‘I tried to talk to her a bit more but all she wanted to know was what time it was. When I pointed at the clock she just said ‘no, what date?’
‘So I told her it was the 3rd January.
‘Her reply: ‘no, what year?’
‘I told her it was 2012.
‘She sighed, looked down at her feet and said ‘then I’ve missed. All the ducks are swimming in the water, and I’ve fallen short.’
‘She started to cry. I turned to her to see if she was okay and there was this intense… ‘flash’ just ahead. And then the engine just cut out. And I mean completely, the electricity went too. It was like something had sucked all the power completely out of everything. And let me tell you, trying to control a vehicle of that size with no power steering is like wrestling a bear – no, wrestling a dozen bears, in treacle to boot.
‘I eventually managed to get onto the hard shoulder and come to a stop.
‘But the woman, my passenger? Gone. Nowhere to be seen. All that was left was this weird smell, like ozone.
‘And I absolutely guarantee you she could not have opened that door and jumped out of the cab without me knowing. No way on God’s green Earth.’
Mr Thomas goes on to detail how a police officer eventually found him on the side of the motorway, somewhat dazed and confused. His lorry, which had refused to start for several hours, jumped back to life at the turn of the key as soon as he had explained his situation to the bemused constable.
Worried for his safety, the officer escorted Mr Thomas back to his depot.
But his tale does not end there.
‘The real kick in the teeth? When they opened up my trailer this putrid smell came out, enough to make the poor chap who’d turned the handle throw his breakfast up.
‘All the produce inside, all of it down to the last head of lettuce, was black and rotten with mould.’
Mr Thomas gave up long haulage that day. He is now a caretaker at a local primary school.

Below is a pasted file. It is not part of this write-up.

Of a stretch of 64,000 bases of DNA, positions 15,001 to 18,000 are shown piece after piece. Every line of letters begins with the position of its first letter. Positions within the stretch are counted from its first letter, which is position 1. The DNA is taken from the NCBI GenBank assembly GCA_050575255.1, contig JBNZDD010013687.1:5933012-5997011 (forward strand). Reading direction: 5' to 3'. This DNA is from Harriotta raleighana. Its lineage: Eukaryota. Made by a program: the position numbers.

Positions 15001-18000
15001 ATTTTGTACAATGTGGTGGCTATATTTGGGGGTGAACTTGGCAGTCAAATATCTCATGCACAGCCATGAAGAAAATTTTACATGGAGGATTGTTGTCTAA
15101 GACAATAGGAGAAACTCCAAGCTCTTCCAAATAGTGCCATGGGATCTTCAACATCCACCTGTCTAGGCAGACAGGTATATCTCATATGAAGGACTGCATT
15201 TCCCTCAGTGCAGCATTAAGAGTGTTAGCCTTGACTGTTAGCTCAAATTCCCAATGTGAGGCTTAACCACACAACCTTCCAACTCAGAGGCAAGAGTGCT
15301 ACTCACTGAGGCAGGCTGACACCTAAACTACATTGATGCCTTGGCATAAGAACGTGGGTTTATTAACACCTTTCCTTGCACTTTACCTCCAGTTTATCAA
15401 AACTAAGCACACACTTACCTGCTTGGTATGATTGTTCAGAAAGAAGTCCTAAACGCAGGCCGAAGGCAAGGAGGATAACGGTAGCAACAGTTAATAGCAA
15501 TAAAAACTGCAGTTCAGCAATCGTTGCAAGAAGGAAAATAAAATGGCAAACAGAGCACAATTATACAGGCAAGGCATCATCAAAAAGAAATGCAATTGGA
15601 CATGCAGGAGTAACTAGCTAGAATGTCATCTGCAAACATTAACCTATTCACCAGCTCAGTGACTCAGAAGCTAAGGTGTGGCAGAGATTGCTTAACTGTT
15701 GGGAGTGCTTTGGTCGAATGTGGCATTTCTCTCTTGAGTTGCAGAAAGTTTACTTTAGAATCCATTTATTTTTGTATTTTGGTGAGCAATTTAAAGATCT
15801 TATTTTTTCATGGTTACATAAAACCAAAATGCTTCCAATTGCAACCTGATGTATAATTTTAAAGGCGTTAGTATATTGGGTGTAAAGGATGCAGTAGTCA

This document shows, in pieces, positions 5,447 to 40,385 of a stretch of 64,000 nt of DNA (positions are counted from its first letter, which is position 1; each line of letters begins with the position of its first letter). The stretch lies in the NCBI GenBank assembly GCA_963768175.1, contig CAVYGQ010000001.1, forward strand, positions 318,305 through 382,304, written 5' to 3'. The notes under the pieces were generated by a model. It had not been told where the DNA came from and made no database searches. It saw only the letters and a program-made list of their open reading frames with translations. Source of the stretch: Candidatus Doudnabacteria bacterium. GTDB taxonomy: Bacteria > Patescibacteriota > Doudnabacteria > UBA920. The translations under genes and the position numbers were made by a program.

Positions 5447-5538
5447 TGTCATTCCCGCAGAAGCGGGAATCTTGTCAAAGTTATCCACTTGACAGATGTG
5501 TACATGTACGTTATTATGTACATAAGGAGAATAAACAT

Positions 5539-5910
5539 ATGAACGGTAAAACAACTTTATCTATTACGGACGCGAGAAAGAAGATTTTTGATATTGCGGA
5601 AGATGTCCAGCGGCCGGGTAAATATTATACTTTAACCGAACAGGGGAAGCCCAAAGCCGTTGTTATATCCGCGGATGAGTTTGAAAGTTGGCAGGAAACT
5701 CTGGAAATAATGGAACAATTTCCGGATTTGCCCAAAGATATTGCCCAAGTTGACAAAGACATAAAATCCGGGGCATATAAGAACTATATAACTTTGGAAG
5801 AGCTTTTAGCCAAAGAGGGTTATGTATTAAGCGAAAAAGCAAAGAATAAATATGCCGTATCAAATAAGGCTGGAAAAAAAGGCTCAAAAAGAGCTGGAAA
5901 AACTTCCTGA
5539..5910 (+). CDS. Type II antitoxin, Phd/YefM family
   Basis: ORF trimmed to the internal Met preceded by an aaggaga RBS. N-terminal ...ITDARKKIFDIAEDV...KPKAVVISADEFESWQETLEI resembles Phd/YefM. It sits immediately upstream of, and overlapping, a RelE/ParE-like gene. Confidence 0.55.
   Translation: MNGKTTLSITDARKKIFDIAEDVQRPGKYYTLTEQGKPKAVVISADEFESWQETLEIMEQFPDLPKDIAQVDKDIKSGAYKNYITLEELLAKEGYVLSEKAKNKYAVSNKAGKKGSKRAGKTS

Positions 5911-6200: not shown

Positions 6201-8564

But if all this happened five years ago, I ask, why would he choose only to tell his story now?
‘Ah, Doctor, therein lies the rub.’
He leaves the room for a moment and returns with something small wrapped in cloth.
‘About a week ago, I had the strangest dream.
‘I was on a beach, somewhere warm and somewhere I didn’t recognise, laying on a sun lounger and drinking a cocktail. The sky above was dark, but it wasn’t night. Fort or Four or whatever her name was stretched out next to me sipping a mai tai, dressed in a black suit and tie, like what you’re wearing now.
‘She said she was sorry, and something about her calculations being wrong and the stars being all out of line when we first met.
‘She said she’d left something for me, a present by way of an apology. Then I woke up.
‘This was on my kitchen table when I went downstairs.’
He unwraps the object, revealing a silver disc etched with symbols and with a small dial towards the bottom.
‘It’s an astrolabe. From Persia, 16th Century. I had it valued. It’s worth a fortune.
‘I have no idea how it ended up in my kitchen.’
While Mr Thomas is eloquent and possessed of the ability to spin a good yarn, he has enough interesting stories to tell to make me doubt his desire to invent one as fantastical as this. I took it upon myself to contact the haulage firm he worked for, and the stalwart receptionist manning the telephone confirmed that his truck did indeed arrive with a trailer full of spoilt produce that cold morning in 2012.
A faulty refrigerator motor was blamed, although this fault could not be replicated with the same trailer.
With Mr Thomas’ permission, I took the astrolabe to a colleague of mine who deals in antiquities. She confirmed that it was Persian in origin, circa the 16th Century. She also expressed great surprise at its apparently pristine condition.
I am merely speculating here, but is it possible that this mysterious hitchhiker was some kind of ‘temporal traveller’, an individual somehow jumping through time who became lost and ended up in the passenger seat of Mr Thomas lorry? And did this traveller return to compensate him for his trouble?
It is often asked: ‘If time travel is possible, where are all the visitors from the future?’
Perhaps they keep their identities secret, walking our streets and roads, doing their best not to reveal themselves as they hide behind folklore and legend.
Dr Thomas Gotobed
– Well I certainly wasn’t expecting that! This is one of the weirder cases in the files, and they’re all pretty weird. I find it interesting that the good doctor jumped to that conclusion straight away. But then again, maybe it’s the only logical conclusion? And I’m still no closer to working out who these reports are meant for – C.R.